VPNs are powerful tools that even help protect your privacy from government surveillance, which for some raises the question: Are VPNs legal? Though most countries around the world allow VPN use, the answer may depend on what country you’re in.
VPNs are a thorn in the side of any government that relies heavily on online surveillance or censorship. That’s because a powerful VPN like NordVPN helps users evade both of those practices – by securing your traffic from governments and ISPs.
As a result, some governments demonize VPNs by claiming that they are used primarily for criminal activity. Others simply make VPNs illegal. In both cases, however, the goal is the same – to prevent people from enjoying the free internet the way it was meant to be.
Focusing on the criminal uses for VPNs misses the point. VPNs have many more different positive uses than they have negative ones, and user surveys suggest that those positive uses are probably far more frequent. In a survey of VPN usage tendencies by GlobalWebIndex, almost half of VPN users reported that they use VPNs almost every day of the week – something that would be inconsistent with their being a tool primarily for criminals.
Here are some of the good things VPNs can be used for:
VPNs are legal in most of the world. In some countries, however, VPNs are only legal if they fulfill certain requirements that seriously compromise the security and privacy they provide. For the purposes of this list, we will consider VPNs illegal in a country if:
The growth of VPNs as world-wide tools for security, privacy, and internet freedom is a relatively recent phenomenon, so many countries with repressive tendencies that have not yet passed any laws regulating their use may still plan to. One of the best places to monitor potential changing attitudes is Freedom House’s Freedom on the Net report.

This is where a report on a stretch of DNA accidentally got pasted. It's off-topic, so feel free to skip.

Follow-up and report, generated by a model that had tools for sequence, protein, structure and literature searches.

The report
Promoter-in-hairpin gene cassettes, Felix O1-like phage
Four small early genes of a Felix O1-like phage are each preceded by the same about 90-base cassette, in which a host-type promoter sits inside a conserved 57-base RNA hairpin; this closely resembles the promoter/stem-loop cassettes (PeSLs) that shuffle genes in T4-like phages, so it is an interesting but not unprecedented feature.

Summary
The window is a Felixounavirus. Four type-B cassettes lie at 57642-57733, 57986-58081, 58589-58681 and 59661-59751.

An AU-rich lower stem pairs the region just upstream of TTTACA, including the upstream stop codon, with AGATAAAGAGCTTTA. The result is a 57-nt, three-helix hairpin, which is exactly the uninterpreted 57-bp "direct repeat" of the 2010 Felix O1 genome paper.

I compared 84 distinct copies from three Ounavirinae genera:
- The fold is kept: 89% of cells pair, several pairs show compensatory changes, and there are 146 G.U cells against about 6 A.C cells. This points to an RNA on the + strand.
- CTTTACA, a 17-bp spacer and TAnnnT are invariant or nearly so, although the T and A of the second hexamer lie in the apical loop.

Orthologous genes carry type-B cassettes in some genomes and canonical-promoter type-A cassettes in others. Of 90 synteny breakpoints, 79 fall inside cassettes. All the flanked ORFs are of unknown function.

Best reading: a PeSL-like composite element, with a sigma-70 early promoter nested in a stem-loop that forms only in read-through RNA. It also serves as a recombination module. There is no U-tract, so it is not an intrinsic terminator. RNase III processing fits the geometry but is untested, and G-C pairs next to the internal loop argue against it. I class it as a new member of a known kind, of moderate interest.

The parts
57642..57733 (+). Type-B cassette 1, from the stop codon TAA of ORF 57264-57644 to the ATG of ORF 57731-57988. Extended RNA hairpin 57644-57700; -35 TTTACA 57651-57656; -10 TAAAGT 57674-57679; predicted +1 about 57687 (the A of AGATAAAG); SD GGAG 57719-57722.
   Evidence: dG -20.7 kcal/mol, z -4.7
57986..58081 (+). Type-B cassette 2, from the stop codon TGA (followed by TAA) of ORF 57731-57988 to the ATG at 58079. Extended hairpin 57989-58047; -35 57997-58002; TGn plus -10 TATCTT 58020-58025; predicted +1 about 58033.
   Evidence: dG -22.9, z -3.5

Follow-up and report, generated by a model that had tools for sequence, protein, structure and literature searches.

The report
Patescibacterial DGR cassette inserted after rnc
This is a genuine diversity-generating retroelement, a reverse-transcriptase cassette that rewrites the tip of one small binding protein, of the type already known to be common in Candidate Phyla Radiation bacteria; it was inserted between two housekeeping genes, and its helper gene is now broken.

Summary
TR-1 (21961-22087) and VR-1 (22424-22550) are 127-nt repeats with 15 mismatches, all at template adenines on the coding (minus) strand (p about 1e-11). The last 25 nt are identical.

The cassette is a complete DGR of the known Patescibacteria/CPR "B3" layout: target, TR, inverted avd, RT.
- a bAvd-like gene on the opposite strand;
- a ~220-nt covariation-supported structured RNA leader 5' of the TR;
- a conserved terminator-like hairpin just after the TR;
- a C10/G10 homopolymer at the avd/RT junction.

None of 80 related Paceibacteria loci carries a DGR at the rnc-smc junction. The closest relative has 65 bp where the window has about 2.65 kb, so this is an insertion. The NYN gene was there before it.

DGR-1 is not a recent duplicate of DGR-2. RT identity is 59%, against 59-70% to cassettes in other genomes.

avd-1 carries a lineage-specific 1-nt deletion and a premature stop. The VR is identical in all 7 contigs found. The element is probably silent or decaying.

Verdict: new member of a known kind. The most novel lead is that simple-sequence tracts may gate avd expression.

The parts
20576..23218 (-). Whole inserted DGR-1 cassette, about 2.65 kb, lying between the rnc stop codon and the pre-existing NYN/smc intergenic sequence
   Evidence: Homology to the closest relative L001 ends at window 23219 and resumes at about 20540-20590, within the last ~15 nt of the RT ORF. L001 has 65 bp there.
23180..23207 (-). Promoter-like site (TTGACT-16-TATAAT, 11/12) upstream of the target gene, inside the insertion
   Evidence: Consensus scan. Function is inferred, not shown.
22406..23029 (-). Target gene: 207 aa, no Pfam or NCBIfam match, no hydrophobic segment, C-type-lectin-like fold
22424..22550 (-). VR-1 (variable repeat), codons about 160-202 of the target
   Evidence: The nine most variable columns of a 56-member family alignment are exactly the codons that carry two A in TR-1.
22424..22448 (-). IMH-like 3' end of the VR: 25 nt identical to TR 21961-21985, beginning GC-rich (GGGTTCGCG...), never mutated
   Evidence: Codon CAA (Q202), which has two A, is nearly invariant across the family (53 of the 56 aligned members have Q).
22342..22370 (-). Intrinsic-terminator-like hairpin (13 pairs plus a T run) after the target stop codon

We’ll update this list whenever we can, but nobody’s perfect. If the country you’re visiting or living in ranks low for internet freedom but isn’t featured on our list of anti-VPN countries, it may be worth doing a bit more research to figure out whether or not you’ll be able to use a VPN.
With its “Great Firewall,” China is a world leader in internet censorship and authoritarianism. It’s no surprise, then, that VPNs are illegal for Chinese citizens and businesses. Any VPN being used in China must meet government regulations, which means backdoor access, logs, and censorship.
Unfortunately, there’s a lot of grey area that makes understanding China’s VPN laws difficult. As this article explains, whether or not a VPN is illegal for you in China depends on who you are and where you’re from. To date, we haven’t heard of many foreigners experiencing serious issues when using VPNs in China.
Over the last few years, the Russian government has been rapidly accelerating the growth of its extensive and invasive surveillance apparatus. After pushing to ban Telegram, an encrypted messaging app, Russia has also banned the use of unapproved VPNs. Which VPNs are approved? You guessed it – VPNs that agree to log user data and provide it to the Russian government upon request.
Belarus, an authoritarian regime in the heart of Europe and a friend of Russia’s, also has a strict online censorship regime. They’ve backed up their restrictions by criminalizing most forms of online anonymization, including VPNs and the Tor network.
Turkey has recently taken quite a sharp turn towards authoritarianism both online and off. The government regularly stifles and jails journalists and bans websites that feature unfavorable information – even Wikipedia, Facebook, and Twitter from time to time. Turks began using VPNs to evade censorship, resulting in a VPN ban as well.